66  Cylinder liners are simple cylindrical shapes flanged at the top end to provide location and secure them in the cylinder block.  The lower end of the liner is fitted with rubber rings so as to form a seal for the bottom of the water spaces.  The sealing rings… are designed to prevent scavenge air entering the water spaces.  The bore surface of the cylinder liner is slightly rough in order to retain the oil and to promote rapid wear in.  In order to provide a harder wearing surface, the bore of liners is subjected to the process of nitriding. 

67 Istaknute rečenice ili dijelovi rečenica izražavju namjeru, namjenu, cilj ili svrhu sadržaja izrečenog u rečenici na koju se odnose. One mogu prethoditi glavnoj rečenici, kao u primjeru (5), ili slijediti iza nje, kao u primjerima (1), (2), (3), (4). Namjera ili cilj se najčešće uvodi sa: TO + INFINITIV (1), (3) IN ORDER TO + INFINITIV (4), (5) SO AS TO + INFINITIV (2)

68 E.g.  Studs should be evenly tightened. They must provide a satisfactory joint.  Studs should be evenly tightened (in order) to provide a satisfactory joint.

69  The inner wall of the cylinder liner is porous. It should provide an oil retaining surface.  A thin layer of lead or indium is often added to the main bearing shells. The layer gives protection against corrosion.  Efficient scavenging is essential. It si designed to ensure sufficient supply of fresh air for combustion.  The diesel oil supply system uses a transfer pump. It is fitted with the purpose of drawing oil from the double bottom tanks.  The viscosity regulator controls fuel oil temperature. The device must provide oil at the correct viscosity for combustion.  When distant pieces are fitted under the crosshead bearings they must be of exactly the same thickness. Accuracy is required with purpose of ensuring the correct alignment of the connecting rod.  The connecting rod is usually forged from alloy steel, frequently with an “ I “ or “ channel “ section. This shape permits giving the greatest stiffness for its weight.  Connecting rods sometimes taper slightly from the bottom to the top of the shank. The tapering is aimed at increasing the resistance to the bending stresses.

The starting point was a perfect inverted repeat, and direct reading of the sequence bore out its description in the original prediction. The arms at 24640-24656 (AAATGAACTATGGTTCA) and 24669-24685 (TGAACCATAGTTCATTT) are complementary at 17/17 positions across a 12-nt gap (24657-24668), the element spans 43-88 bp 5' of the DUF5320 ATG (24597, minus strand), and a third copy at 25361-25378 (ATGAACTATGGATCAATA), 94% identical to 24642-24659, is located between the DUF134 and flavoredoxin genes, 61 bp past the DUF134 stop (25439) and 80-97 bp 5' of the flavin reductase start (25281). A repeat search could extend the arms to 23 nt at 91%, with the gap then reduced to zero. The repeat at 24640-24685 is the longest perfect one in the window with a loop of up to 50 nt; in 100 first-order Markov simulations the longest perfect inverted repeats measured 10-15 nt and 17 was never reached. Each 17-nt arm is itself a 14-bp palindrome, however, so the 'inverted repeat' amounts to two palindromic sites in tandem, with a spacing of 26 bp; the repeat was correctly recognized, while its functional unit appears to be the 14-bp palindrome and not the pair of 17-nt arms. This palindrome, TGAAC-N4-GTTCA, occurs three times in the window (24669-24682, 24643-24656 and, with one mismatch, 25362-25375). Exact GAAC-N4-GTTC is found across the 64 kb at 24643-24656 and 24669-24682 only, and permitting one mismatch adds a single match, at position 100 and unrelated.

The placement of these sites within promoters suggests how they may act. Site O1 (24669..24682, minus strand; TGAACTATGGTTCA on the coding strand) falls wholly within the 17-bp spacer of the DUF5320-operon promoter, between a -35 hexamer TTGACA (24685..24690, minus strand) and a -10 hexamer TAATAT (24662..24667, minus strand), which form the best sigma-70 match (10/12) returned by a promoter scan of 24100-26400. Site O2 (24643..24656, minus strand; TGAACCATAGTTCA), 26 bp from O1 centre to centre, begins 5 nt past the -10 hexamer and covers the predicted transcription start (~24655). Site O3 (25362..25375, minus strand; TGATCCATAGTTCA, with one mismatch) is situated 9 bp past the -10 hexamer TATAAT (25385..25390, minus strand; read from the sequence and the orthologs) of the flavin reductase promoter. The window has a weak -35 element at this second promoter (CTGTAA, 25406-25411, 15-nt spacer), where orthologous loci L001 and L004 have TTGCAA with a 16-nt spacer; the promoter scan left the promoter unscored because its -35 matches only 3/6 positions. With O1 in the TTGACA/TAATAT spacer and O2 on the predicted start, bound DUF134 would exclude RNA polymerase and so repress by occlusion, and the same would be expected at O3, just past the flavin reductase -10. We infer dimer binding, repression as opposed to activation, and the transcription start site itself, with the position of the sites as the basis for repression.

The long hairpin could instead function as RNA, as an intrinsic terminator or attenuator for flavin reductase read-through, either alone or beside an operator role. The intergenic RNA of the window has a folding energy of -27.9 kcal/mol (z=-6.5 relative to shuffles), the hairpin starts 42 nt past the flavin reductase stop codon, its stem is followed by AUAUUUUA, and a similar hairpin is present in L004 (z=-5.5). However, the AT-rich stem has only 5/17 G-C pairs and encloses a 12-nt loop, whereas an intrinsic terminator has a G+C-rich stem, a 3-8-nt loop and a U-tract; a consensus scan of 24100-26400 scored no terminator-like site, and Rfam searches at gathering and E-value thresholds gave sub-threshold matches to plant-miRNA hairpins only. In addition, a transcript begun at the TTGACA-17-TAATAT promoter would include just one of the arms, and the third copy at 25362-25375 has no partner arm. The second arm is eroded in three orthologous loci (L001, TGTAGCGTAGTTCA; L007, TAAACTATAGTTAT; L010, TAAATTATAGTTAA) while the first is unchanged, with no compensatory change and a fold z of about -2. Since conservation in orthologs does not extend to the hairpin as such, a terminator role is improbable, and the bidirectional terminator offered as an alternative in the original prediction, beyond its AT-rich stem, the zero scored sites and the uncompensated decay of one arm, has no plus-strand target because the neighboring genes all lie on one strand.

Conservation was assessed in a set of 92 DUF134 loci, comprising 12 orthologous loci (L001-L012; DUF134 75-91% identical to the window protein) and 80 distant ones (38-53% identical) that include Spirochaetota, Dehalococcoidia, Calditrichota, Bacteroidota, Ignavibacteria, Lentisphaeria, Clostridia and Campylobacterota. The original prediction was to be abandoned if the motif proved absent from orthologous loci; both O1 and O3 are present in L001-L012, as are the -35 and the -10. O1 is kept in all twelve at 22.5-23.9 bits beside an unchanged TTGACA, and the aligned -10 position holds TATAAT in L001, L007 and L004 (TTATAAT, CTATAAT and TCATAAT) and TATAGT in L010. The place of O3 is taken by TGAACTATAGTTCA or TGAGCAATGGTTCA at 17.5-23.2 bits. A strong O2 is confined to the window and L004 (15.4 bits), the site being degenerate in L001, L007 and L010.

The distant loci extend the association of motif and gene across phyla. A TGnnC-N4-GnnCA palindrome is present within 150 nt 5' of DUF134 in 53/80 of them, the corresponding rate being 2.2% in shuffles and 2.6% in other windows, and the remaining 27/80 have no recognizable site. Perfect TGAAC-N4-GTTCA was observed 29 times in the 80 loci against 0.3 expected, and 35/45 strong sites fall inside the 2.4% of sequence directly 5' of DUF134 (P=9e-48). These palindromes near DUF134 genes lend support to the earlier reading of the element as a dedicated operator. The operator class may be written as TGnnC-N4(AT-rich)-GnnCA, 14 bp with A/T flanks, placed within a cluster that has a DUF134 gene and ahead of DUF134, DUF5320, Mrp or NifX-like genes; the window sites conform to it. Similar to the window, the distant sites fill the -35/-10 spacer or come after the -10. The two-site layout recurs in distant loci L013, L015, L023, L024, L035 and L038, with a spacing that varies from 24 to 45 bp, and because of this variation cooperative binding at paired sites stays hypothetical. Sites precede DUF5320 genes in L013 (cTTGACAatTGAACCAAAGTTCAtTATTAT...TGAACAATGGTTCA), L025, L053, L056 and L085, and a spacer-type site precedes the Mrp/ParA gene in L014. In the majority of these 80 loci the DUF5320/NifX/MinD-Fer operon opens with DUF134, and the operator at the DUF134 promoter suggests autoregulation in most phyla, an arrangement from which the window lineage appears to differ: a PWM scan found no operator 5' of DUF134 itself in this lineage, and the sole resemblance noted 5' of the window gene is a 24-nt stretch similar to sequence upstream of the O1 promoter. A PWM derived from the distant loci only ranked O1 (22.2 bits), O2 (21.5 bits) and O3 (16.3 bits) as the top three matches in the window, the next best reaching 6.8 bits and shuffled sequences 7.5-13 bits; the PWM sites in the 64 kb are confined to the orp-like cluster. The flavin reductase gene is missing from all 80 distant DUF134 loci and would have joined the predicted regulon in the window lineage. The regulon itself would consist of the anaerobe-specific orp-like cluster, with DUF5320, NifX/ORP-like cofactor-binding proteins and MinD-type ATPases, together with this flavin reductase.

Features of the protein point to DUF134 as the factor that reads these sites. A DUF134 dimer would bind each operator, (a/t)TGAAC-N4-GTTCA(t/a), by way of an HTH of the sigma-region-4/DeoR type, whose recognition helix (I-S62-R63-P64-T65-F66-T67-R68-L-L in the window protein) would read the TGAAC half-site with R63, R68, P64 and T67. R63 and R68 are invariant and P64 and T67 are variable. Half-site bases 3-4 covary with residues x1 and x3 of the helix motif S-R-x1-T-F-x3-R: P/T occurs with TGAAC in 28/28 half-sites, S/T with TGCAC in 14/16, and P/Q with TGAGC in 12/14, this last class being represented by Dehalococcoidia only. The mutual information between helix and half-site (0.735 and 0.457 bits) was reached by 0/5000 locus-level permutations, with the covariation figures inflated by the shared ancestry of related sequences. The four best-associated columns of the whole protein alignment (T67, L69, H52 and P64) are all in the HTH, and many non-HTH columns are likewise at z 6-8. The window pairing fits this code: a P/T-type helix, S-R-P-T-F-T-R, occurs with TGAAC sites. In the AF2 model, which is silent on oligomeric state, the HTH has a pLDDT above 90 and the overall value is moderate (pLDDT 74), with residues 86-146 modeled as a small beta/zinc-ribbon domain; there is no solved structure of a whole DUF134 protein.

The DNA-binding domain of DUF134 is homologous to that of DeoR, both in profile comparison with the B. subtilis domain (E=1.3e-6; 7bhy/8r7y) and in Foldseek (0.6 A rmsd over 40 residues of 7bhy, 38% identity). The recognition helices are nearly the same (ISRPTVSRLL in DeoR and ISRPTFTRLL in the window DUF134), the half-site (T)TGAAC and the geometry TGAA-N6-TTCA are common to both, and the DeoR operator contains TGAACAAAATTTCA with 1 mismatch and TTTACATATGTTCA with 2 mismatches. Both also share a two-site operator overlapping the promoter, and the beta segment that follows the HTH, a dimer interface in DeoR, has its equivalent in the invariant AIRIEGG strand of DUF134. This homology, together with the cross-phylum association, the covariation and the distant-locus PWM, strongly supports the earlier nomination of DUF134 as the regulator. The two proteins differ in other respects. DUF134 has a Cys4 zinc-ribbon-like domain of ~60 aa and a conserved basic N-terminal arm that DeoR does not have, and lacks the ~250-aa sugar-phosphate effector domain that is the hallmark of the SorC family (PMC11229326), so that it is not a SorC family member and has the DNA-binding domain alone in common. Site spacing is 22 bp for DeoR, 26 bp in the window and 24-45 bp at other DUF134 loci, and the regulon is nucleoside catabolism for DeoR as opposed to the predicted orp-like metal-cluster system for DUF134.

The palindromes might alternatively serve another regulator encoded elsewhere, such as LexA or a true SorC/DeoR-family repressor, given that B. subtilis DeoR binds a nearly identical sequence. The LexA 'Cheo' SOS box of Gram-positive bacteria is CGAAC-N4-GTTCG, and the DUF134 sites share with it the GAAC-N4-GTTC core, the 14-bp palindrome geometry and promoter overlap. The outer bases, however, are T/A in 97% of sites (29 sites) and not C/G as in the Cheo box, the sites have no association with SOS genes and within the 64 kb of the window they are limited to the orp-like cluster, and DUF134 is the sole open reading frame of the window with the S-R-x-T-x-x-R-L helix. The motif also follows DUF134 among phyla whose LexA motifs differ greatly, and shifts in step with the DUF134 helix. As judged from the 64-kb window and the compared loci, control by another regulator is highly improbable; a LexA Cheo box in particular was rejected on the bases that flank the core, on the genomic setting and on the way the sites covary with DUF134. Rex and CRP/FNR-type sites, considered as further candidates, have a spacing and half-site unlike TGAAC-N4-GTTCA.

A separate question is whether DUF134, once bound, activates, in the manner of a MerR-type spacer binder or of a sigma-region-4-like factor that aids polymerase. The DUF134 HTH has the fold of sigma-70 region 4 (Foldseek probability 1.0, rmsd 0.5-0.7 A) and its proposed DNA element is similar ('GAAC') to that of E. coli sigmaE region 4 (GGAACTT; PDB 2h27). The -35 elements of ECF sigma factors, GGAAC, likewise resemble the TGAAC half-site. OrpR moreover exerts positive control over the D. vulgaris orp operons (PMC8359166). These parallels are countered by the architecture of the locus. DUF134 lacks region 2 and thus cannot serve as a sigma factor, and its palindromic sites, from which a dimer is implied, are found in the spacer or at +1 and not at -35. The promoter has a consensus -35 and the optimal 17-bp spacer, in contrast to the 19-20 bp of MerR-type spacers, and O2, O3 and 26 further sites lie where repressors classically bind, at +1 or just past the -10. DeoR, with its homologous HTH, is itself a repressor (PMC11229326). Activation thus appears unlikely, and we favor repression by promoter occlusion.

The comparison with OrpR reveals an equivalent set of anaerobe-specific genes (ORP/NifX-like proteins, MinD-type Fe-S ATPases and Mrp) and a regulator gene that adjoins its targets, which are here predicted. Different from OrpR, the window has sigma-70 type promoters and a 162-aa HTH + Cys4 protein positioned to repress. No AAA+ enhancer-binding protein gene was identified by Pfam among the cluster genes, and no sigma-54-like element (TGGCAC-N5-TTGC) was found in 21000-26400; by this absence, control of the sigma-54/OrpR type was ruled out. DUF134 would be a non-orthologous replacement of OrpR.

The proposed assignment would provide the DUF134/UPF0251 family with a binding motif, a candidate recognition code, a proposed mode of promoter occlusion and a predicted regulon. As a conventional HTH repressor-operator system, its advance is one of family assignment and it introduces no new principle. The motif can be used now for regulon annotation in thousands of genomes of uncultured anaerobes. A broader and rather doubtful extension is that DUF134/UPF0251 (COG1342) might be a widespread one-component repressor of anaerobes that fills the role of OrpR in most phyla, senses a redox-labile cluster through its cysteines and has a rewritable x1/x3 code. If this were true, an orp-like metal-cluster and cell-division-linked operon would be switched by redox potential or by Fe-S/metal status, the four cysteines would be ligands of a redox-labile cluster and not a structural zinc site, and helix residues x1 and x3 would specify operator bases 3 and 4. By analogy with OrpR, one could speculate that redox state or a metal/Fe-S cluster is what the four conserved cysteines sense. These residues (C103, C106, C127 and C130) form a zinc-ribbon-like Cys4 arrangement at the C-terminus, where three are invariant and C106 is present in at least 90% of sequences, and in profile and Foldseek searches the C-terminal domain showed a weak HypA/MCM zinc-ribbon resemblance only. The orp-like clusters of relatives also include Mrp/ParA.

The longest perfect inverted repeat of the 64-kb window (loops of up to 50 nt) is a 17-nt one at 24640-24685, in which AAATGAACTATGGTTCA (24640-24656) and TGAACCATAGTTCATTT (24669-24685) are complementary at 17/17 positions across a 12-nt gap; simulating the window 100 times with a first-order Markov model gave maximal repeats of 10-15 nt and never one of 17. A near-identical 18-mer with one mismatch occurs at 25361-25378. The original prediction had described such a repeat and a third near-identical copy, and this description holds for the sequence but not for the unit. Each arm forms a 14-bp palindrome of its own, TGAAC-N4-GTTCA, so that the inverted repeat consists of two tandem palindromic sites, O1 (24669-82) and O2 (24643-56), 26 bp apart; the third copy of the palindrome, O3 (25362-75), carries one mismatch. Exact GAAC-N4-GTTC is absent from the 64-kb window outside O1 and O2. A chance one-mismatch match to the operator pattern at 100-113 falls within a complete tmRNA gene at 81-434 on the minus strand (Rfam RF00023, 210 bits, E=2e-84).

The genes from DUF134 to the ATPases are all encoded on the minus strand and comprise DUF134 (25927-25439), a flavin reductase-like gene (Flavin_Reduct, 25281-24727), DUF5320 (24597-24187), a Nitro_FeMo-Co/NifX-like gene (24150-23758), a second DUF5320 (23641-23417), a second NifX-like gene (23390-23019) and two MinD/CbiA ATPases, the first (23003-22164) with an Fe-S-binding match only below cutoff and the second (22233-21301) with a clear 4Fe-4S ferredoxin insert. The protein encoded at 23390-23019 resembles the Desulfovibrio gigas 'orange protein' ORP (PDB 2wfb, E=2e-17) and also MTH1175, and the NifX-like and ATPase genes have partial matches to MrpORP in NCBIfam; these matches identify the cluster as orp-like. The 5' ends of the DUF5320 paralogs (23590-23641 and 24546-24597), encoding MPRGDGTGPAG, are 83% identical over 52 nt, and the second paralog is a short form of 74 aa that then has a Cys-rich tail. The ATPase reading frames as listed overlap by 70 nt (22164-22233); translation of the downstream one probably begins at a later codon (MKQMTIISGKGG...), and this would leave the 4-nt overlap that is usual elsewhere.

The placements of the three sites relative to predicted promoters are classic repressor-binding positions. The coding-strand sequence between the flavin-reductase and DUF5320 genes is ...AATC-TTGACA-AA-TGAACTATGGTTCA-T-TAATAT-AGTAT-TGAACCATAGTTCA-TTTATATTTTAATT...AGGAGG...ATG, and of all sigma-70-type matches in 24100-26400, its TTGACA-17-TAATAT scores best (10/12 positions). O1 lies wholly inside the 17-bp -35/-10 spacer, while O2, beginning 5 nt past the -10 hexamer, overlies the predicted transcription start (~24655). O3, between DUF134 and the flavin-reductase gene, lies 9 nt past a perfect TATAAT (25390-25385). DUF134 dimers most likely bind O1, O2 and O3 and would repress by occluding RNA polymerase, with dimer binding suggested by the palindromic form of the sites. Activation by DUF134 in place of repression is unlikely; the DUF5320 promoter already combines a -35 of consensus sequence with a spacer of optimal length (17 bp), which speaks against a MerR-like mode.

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72 1.LINER DEFINITION A removable component, cylindrical in shape, inserted into the engine block. It can be replaced when worn out.

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75 1.LINER DEFINITION A removable component, cylindrical in shape, inserted into the engine block. It can be replaced when worn out. 1.1 FUNCTION

76 1.LINER DEFINITION A removable component, cylindrical in shape, inserted into the engine block. It can be replaced when worn out. 1.1 FUNCTION It provides the surface for the piston to slide and carry out its compression task.

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78 1.LINER DEFINITION A removable component, cylindrical in shape, inserted into the engine block. It can be replaced when worn out. 1.1 FUNCTION It provides the surface for the piston to slide and carry out its compression task. 1.2 TYPES

79 1.LINER DEFINITION A removable component, cylindrical in shape, inserted into the engine block. It can be replaced when worn out. 1.1 FUNCTION It provides the surface for the piston to slide and carry out its compression task. 1.2 TYPES Wet liners ( the water is in direct contact with outer surface of the liner );

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81 1.LINER DEFINITION A removable component, cylindrical in shape, inserted into the engine block. It can be replaced when worn out. 1.1 FUNCTION It provides the surface for the piston to slide and carry out its compression task. 1.2 TYPES Wet liners ( the water is in direct contact with outer surface of the liner ); Dry liners ( the water is in indirect contact with outer surface of the liner, i.e. cylinder casting contains wet jackets ).

82 1.LINER DEFINITION A removable component, cylindrical in shape, inserted into the engine block. It can be replaced when worn out. 1.1 FUNCTION It provides the surface for the piston to slide and carry out its compression task. 1.2 TYPES Wet liners ( the water is in direct contact with outer surface of the liner ); Dry liners ( the water is in indirect contact with outer surface of the liner, i.e. cylinder casting contains wet jackets ). 1.3 MANUFACTIRING